Moral relativism

In these days of liberals attacking Jesusland, and advocating moral relativism with its no right and wrong philosophy, I always hark back to the words of Barbra Streisand. Yes, for real. Actually, they were the words of Neil Simon, spoken by Barbra, in the 1970 comedy movie The Owl and The Pussycat. Streisand played a prostitute who eventually marries. In a scene with her new boyfriend, she explains how she overcame her guilt feelings about being a prostitute by visiting a psychologist. The psychologist told her that her guilt was just a leftover bourgeois emotion, a tired and outdated concept that she shouldn't believe in. She felt so good about her session that she stopped payment on the check to the good doctor! Apparently her character understood logical implications and conclusions of philosophies better than the shrink did.

We should ask  the with it, anti—establishment college professors, who believe there is no right and wrong, what would happen if the payroll clerks and computer programmers at their university absconded with the instructors' salaries, and all of their payroll checks bounced. Or, if there is no right and wrong, what would happen if the maintenance crew were to steal the college's brass and copper plumbing and buy drugs with the money gotten for selling the pipes? Apparently what the professors really mean is that only the privileged youngsters in the classroom — and the professor — can entertain the idea (illusion is more accurate) that one can advocate we should be in a society with no "old fashioned" moral standards. I wonder if the professors saying this owned any Enron stock.

One writer I know, Dennis Prager, used to end his television show by saying that anyone who thinks religion has no place in the modern world should ask themselves, "who would you rather meet on a dark street at night? A group of young men who came from a meeting saying the world is no good and no one gets a fair chance at things; or young men who just came from a Bible study class?" In fact, a few years after this was said, an unemployed computer programmer tried to start a firebomb in a New York subway (after writing blackmail letters to the City). He was stopped by a young black man who was coming home on the subway from a Bible study class.

You see, if we are all God, as Shirley McLaine and others have said, and no one's (or the Bible's) morality is worth anything, then the only thing stopping me from beating up an old lady on her way to deposit her Social Security check on the first of the month is the strength of my legs or the speed of my car to get away from the scene before any police arrive. This is not the interpretation most readers here would make from such a pro—moral relativism hypothetical argument, but it IS the interpretation a lot of cocky 18 year olds would make, particularly young males, who already act like they're God.

Jack Kemp is a frequent contributor. He is not a former politician.

In these days of liberals attacking Jesusland, and advocating moral relativism with its no right and wrong philosophy, I always hark back to the words of Barbra Streisand. Yes, for real. Actually, they were the words of Neil Simon, spoken by Barbra, in the 1970 comedy movie The Owl and The Pussycat. Streisand played a prostitute who eventually marries. In a scene with her new boyfriend, she explains how she overcame her guilt feelings about being a prostitute by visiting a psychologist. The psychologist told her that her guilt was just a leftover bourgeois emotion, a tired and outdated concept that she shouldn't believe in. She felt so good about her session that she stopped payment on the check to the good doctor! Apparently her character understood logical implications and conclusions of philosophies better than the shrink did.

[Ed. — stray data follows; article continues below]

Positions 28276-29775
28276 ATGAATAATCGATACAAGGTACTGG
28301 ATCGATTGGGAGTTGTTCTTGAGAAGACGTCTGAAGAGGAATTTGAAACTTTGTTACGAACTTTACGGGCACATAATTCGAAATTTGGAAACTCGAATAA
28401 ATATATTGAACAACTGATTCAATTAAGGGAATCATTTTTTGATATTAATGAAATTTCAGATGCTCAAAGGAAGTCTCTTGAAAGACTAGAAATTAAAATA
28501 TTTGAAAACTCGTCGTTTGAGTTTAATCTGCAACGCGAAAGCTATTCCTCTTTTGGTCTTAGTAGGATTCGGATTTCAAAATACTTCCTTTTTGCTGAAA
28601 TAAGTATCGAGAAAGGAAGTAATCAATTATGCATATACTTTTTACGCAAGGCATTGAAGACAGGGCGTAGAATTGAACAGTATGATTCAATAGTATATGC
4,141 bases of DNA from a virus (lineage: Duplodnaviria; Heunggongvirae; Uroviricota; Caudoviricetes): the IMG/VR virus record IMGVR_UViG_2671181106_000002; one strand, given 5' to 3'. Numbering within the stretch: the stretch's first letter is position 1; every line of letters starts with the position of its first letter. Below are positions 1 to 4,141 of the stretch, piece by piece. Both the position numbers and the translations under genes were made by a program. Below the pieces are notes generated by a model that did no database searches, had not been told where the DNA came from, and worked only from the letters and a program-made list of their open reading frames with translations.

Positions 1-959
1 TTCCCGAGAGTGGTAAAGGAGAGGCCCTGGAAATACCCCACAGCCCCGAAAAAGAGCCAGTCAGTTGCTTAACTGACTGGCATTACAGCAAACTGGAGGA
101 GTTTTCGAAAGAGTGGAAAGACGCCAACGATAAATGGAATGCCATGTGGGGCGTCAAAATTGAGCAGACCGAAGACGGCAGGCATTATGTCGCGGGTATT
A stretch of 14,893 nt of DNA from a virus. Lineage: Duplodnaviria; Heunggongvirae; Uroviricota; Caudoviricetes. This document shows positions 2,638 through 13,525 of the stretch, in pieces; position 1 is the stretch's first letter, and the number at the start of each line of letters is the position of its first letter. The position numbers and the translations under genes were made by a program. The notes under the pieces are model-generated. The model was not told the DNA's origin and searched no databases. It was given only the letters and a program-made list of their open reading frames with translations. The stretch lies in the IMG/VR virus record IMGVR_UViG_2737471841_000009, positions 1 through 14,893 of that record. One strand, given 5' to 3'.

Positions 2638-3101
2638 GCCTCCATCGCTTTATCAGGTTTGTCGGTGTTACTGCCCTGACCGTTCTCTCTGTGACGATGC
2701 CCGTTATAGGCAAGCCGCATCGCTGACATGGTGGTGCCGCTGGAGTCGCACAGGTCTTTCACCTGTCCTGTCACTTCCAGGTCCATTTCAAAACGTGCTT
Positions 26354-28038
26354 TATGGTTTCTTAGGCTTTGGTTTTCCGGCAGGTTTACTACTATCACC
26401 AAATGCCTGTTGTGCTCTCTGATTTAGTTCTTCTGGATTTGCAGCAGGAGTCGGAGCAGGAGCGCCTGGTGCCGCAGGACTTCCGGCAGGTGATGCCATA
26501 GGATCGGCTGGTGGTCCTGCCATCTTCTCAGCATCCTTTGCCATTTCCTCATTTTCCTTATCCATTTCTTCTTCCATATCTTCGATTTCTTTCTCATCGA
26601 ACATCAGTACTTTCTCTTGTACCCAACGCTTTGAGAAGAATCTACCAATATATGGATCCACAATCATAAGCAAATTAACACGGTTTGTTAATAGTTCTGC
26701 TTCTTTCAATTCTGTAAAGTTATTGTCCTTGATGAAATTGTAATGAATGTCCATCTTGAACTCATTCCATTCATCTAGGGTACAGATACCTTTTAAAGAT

We should ask  the with it, anti—establishment college professors, who believe there is no right and wrong, what would happen if the payroll clerks and computer programmers at their university absconded with the instructors' salaries, and all of their payroll checks bounced. Or, if there is no right and wrong, what would happen if the maintenance crew were to steal the college's brass and copper plumbing and buy drugs with the money gotten for selling the pipes? Apparently what the professors really mean is that only the privileged youngsters in the classroom — and the professor — can entertain the idea (illusion is more accurate) that one can advocate we should be in a society with no "old fashioned" moral standards. I wonder if the professors saying this owned any Enron stock.

One writer I know, Dennis Prager, used to end his television show by saying that anyone who thinks religion has no place in the modern world should ask themselves, "who would you rather meet on a dark street at night? A group of young men who came from a meeting saying the world is no good and no one gets a fair chance at things; or young men who just came from a Bible study class?" In fact, a few years after this was said, an unemployed computer programmer tried to start a firebomb in a New York subway (after writing blackmail letters to the City). He was stopped by a young black man who was coming home on the subway from a Bible study class.

You see, if we are all God, as Shirley McLaine and others have said, and no one's (or the Bible's) morality is worth anything, then the only thing stopping me from beating up an old lady on her way to deposit her Social Security check on the first of the month is the strength of my legs or the speed of my car to get away from the scene before any police arrive. This is not the interpretation most readers here would make from such a pro—moral relativism hypothetical argument, but it IS the interpretation a lot of cocky 18 year olds would make, particularly young males, who already act like they're God.

Jack Kemp is a frequent contributor. He is not a former politician.